- A world of magic. Read what it says in the book. The key here is that magic is a part of everyday life. Magewrights are specialists who can cast a handful of spells or rituals, and who have turned that mastery into a job – the locksmith who can perform arcane lock and knock, the oracle who can cast augury and divination. A critical point here is that fully-powered wizards, artificers, and clerics are rare and remarkable; Eberron is a world of widespread low-level magic, and a magewright locksmith can’t simply pick up your spellbook and learn to cast fireball. For the most part this is about the world around the players and the services that are available to them. If the players are in Sharn they should be able to find an arcane locksmith, whether it’s D&D or Eberron Dread.
- Dragonmark Dynasties. I know you said “besides dragonmarks”, but my point is that there’s more to dragonmarks than the simple mechanics of the mark itself. The dragonmarked houses are influential forces in society because of the magical services they offer. Even if no player character has a dragonmark, they’ll go to House Jorasco for healing, rely on Orien and Lyrandar for transportation, send a message through House Sivis, and take advantage of House Cannith’s services any time they purchase magical goods. House Tharashk’s powers are reflected in their presence in remote places – the fact that their gift allows them to locate veins of precious resources that would otherwise go undiscovered. To cut to the chase: when translating the world to a new system, don’t simply think about the dragonmarks as they will be used by the players; think about how you will represent the primary services and gifts of each house, and how PCs will feel the influence of those houses.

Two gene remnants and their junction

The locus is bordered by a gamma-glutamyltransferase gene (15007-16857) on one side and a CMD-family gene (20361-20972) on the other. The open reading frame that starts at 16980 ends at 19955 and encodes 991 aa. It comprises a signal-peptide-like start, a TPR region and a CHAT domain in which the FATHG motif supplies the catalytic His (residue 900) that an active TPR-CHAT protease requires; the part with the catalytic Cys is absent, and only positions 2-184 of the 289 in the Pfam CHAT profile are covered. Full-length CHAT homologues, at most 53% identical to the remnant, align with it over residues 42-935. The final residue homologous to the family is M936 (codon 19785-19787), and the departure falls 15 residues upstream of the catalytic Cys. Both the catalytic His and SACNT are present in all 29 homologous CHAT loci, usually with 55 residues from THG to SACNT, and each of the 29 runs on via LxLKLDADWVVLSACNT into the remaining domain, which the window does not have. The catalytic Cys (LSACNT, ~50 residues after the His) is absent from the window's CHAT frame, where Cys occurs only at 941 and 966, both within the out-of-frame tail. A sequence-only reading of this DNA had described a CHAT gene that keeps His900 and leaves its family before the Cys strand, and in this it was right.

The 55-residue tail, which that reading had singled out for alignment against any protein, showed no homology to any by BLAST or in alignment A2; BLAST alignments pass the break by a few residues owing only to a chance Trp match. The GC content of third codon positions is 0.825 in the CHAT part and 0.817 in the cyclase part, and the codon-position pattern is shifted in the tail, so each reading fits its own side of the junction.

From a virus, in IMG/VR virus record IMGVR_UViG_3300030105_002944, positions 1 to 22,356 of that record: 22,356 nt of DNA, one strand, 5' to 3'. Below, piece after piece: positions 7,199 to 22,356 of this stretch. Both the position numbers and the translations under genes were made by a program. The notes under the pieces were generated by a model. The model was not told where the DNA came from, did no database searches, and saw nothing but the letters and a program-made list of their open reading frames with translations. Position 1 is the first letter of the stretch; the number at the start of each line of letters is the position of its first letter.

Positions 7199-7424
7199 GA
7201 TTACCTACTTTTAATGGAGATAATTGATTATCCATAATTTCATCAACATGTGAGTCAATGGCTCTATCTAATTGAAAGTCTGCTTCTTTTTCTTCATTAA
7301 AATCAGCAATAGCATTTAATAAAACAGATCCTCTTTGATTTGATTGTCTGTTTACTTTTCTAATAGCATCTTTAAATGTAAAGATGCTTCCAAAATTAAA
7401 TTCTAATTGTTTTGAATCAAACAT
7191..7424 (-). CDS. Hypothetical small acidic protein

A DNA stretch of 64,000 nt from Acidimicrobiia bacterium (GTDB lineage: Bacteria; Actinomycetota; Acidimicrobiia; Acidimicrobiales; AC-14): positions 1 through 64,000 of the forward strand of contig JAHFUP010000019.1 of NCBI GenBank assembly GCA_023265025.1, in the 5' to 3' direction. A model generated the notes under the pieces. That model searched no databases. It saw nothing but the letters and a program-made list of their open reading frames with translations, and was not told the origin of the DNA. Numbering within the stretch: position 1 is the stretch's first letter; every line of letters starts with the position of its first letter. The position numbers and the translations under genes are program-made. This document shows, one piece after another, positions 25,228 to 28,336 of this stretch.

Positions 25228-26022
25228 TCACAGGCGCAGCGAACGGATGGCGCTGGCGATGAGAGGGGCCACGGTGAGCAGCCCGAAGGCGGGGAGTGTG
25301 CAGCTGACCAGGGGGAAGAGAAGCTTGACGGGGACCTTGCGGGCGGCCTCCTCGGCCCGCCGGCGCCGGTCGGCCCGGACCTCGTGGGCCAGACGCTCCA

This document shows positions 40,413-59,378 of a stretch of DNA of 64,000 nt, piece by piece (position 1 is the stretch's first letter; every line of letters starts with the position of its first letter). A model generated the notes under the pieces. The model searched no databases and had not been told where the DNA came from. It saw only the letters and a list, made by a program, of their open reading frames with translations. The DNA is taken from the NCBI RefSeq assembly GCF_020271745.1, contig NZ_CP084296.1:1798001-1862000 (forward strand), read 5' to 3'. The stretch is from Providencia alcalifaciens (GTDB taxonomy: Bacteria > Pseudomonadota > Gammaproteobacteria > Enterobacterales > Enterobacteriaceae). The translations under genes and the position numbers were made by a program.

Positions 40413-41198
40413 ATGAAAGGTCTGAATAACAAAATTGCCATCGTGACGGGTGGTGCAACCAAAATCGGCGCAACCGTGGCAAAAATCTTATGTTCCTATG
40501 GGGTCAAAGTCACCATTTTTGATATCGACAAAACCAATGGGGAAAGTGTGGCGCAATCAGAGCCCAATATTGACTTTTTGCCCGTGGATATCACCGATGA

With both this and the previous point, I want to emphasize that if the RPG you’re using has its own magic system, feel free to dramatically change the services available or power of the mark. Don’t worry about directly mimicking the powers of the 3.5 Mark of Creation; consider how creation works within this system, and what magics exist that facilitate it. Then place those powers in the hands of House Cannith. Jorasco heals. Cannith creates. Sivis communicates. The precise powers they wield don’t have to be identical from system to system, as long as they are the masters of those fields.